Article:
How Can Small Food and Drinks Brands Do Well in Competition With Big Firms?

Created: Monday, July 29, 2019, posted by Geetesh Bajaj at 10:00 am



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By Craig Sams and William Fugard, co-founders of Gusto Organic drinks

When you’re a small food or drinks company, how can your brand compete against big brands with big budgets?  How can large retailers be persuaded to list your product when you don’t have a substantial track record?

It is possible to succeed – as I know from experience.  Here are ideas based on what I’ve learned that I hope will help your brand.

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Image by Silviarita from Pixabay

Strong Pitch and Open Mind

When you’re leading a startup or another small company, it’s understandable to think that big players won’t be interested in what you have to offer. For example, you might assume that supermarkets won’t care to stock your new brand. However, you might be surprised to find several who are. The only way to find out is to engage them with a strong pitch and an open mind. Don’t be scared to go for the big opportunities.

Last year, I wrote to Jason Gissing, one of the founders of Ocado, to introduce Gusto. I’ll admit that I was a little surprised when he replied and agreed to meet up so I could show him the Gusto range. It turned out that he loved our brand and ethos, which led to him plugging Gusto to senior Ocado contacts who have been hugely supportive.

As a small brand vying for attention finding influential advocates really helps. Networking is pretty key to this. LinkedIn is a goldmine for key industry contacts, as are in-person networking events. If you find one open-minded person who’s influential in their organization, it could help you get the start you need.

Learn from the Farmers

The popularity of many food and drink products tends to fluctuate with the seasons. So, like any good farmer, learning when to sow and when to harvest is essential.

By March, most retailers and restaurant chains have chosen their summer listings. So, it’s crucial to know all the cut-off dates for retail seasons and offer your products to retailers well ahead of the cut-off date. Ideally, you’ll have decided your seasonal ranges a year in advance so you can also get a head start on marketing. All of this will give you the best chance of capitalizing on seasonal food and drinks trends and enjoy the sales boost that comes with it.

Success Factors

For a new product to succeed, it – and this may sound obvious – needs to taste good, look appealing, and be sold effectively. If any of the three pillars are not up to scratch, it’s better to delay a launch rather than push a product with bland packaging, a sales strategy that’s been hastily cobbled together, or a taste you know isn’t quite perfect.

A misjudged sales strategy will scupper your crucial launch and the first stage of growth, all of which will put off potential retailers, investors, and partners who may doubt your abilities and your product’s mass appeal. Getting the taste, texture, or appearance of your product wrong, or indeed using poor branding, will be pretty hard to recover from. If your three pillars are built on strong foundations though, you’ll have every chance of success.

Are You Making a Product You Love?

If you design a product you feel is simply missing from the market, it’s best to create it in your vision. Chances are that if you love it, many others will as well.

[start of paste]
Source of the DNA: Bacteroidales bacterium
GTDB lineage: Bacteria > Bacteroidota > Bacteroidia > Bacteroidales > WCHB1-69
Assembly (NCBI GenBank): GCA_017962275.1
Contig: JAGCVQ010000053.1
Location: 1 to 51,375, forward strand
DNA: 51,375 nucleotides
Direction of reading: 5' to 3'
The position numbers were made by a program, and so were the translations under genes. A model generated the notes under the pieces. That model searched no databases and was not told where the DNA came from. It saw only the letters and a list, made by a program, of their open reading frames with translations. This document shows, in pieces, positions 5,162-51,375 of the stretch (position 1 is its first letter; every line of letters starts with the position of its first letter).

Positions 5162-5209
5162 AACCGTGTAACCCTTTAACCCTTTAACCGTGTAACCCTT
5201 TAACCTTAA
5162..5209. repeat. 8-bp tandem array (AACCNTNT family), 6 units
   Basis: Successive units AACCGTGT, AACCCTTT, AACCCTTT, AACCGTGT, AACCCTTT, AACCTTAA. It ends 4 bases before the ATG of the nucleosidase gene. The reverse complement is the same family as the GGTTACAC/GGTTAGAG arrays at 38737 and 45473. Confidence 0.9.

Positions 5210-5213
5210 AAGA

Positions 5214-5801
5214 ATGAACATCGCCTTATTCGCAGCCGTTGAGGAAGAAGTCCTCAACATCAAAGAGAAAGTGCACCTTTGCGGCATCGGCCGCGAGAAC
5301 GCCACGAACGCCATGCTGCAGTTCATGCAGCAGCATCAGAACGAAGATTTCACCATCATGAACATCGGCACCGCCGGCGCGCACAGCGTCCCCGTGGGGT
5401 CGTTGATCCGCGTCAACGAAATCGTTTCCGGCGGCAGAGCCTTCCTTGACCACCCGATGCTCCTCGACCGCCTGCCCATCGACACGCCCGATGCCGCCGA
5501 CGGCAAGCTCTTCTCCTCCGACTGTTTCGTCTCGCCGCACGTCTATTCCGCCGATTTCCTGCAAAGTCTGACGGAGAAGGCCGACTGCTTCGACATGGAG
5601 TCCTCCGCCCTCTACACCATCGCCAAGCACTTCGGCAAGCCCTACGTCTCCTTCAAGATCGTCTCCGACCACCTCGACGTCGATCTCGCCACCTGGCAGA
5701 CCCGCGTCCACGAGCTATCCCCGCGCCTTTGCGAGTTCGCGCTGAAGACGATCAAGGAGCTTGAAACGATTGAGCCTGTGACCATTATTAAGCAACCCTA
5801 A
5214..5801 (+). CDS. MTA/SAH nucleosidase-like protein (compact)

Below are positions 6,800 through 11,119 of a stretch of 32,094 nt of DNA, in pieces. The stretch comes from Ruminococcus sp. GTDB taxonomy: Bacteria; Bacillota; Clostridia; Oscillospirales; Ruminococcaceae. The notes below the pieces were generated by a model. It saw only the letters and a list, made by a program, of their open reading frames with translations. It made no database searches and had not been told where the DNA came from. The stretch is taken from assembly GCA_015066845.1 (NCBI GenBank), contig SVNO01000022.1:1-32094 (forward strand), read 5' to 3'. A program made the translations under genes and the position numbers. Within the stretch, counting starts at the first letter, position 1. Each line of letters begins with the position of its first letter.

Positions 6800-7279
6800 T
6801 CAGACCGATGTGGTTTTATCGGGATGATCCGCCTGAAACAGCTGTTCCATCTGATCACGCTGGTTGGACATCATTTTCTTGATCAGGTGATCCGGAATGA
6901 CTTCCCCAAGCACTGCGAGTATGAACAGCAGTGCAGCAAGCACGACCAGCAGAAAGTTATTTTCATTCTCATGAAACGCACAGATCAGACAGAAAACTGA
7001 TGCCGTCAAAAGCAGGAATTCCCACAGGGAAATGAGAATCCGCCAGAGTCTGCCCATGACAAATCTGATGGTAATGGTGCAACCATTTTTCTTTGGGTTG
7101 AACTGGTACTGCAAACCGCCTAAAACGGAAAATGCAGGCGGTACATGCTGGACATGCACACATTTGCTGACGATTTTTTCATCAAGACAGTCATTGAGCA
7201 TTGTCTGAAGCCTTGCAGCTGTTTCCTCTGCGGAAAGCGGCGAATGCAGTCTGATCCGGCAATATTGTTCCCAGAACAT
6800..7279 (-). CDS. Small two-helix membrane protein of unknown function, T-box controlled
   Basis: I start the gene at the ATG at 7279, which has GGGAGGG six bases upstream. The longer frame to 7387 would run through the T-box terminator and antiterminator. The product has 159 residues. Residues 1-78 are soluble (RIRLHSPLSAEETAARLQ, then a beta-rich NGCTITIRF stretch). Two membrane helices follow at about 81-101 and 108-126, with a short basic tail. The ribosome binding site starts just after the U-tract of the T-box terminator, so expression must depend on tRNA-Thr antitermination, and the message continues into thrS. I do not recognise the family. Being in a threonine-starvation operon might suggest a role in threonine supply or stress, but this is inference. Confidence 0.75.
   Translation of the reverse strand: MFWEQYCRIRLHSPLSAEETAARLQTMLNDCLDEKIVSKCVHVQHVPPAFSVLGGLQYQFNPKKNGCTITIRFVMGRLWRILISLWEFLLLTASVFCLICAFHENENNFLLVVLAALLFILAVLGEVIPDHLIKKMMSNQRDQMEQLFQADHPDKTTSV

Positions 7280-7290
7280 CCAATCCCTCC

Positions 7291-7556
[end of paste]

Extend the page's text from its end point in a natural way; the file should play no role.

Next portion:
We created Gusto because there were no natural, organic, and Fairtrade drinks out there, and well, we wanted one to drink regularly! So, rather than using focus groups or flavour houses, we set out to make the taste we wanted, by using only the ingredients we wanted to consume. Likewise, we made sure the design and branding resonated with us. Thankfully, it’s struck a chord with many others too.

Sticking to your guns is also the best way to bring out a genuinely new and unique product. The other thing is, if you really love your idea, you won’t get tired of trying to share it with the world. This will make your advertising more genuine and conjure passion and enthusiasm from customers.

Bring Your Own Ethos into Your Brand

Every business is faced with an array of decisions, some of which can also challenge your ethics and values. Will you choose cheap or Fairtrade ingredients? Go organic or not? Will you add sugar and preservatives or tweak the recipe? Will your packaging be recyclable?

Having clearly defined brand values helps a brand navigate their decisions and remain consistent. So, it’s best to incorporate your own ethos into your brand and stay true to it. For example, we put great focus on our organic and Fairtrade credentials, which we’re sure our customers appreciate. In an age of endless product choice, we feel integrity counts for a lot.

In general, strong sustainable brands with a broad customer base take time to build and good opportunities can often take a frustratingly long time to come to fruition. Seek to win over one shop, one café, one bar at a time. There is no silver bullet, just time and your persistence.


Craig Sams
  
Craig Sams and William Fugard are co-founders of Gusto, the world’s first natural, organic, and Fairtrade energy drink. Craig Sams is also the co-founder of Green & Black’s luxury chocolate, and Whole Earth Foods.

Gusto is available from over 600 outlets, sold in eight countries and distributed by 20 UK Wholesalers. Gusto is stocked by Ocado, Whole Foods Market, The Waldorf Hilton, Sourced Market, Eat17, Tate Modern, SKY TV head offices & Chiquito restaurants.  Gusto Organic was the official soft drinks sponsor for 2018 & 2019 Tour of Britain Pro Cycle race, and we directly market with Craft Clubs through their 28,000 monthly Gin subscription boxes.


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